Monday, August 9, 2010
Blood Meridian by Cormac McCarthy (8.5/10.0)
Most of the story follows action on and around the Mexican border in the years 1849-1850, when violent encounters between whites and Native Americans were commonplace. McCarthy creates characters that readers of his other work might recognize, at least in broad outline. "The kid" is the unnamed protagonist--a runaway from Tennessee with excellent gunfighting and survival skills, which lend themselves to violence only when necessary for the kid's protection. Judge Holden is the novel's antagonist and represents the embodiment of the violent nature of man. Large and hairless, Holden and the kid are sometimes placed together among the same group, but the reader is always conscious of the tension between them. In the end, it is the kid's capacity for pity and sympathy that places him opposite the judge both physically and philosophically.
Not surprisingly, Blood Meridian is written in a style that emulates (and sometimes parallels) the powerful scenes of Revelation. In McCarthy's version, however, it is the weak and innocent that are found wanting and are condemned to violent death. Indeed, the end of the novel is as ambiguous and as apocalyptic as any I have ever read, wherein [**Spoiler Alert**] the reader can only be certain that violence has triumphed and firmly established itself as the nature of the world. Precisely how that triumph is accomplished (whether by violent murder or homosexual domination) is a subject of some debate.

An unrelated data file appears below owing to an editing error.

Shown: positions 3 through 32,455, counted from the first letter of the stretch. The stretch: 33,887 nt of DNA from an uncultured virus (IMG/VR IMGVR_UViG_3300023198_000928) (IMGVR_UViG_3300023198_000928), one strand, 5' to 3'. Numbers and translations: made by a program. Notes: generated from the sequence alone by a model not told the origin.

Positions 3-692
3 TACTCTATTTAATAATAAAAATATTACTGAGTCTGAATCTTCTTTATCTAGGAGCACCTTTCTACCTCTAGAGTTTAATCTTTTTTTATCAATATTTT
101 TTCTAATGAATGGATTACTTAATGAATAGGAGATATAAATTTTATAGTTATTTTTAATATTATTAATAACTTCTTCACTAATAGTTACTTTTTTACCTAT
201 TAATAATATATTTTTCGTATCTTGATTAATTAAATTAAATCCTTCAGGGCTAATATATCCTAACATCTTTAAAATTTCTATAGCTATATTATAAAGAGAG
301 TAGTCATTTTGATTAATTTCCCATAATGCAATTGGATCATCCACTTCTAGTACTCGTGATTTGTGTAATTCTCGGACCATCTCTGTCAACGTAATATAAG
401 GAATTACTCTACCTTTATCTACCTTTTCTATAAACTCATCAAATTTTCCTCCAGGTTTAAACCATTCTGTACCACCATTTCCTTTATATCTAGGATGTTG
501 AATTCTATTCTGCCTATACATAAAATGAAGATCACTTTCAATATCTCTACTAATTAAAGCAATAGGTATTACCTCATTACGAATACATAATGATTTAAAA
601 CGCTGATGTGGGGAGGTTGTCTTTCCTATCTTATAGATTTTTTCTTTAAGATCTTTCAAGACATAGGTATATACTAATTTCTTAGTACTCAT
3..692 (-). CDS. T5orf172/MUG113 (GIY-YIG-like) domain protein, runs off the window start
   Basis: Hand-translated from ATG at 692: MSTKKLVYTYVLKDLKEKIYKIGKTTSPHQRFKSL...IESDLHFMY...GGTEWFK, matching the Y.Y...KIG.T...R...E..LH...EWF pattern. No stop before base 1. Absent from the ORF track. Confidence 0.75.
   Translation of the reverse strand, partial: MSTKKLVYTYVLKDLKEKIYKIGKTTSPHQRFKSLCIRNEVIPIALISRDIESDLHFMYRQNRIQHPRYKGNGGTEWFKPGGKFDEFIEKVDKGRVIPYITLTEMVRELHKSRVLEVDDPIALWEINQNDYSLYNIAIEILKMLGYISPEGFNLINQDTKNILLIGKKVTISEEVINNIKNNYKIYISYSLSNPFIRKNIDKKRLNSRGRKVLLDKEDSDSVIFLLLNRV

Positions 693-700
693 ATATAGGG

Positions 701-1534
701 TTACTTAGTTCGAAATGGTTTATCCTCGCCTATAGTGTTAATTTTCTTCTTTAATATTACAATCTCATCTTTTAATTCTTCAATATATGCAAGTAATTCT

I think that I have never been quite as unsettled by a novel as I have by Blood Meridian (though The Road comes close). It is considered by many to be McCarthy's greatest work and one of the most important works of our generation. Ultimately, I think that McCarthy's genius lies in his ability to dig deep into the places that many of us are afraid to go and show us the logical outcomes of some of our most troubling feelings and capacities as human beings. As for Blood Meridian itself, it was so very troubling to me as to practically defy description or categorization. I can only say that it is the work of a genius; whether I can count it among my favorites (or even most respected) will take a considerable amount of further contemplation. Blood Meridian begs for discussion, and I am very interested in what all of you have to say.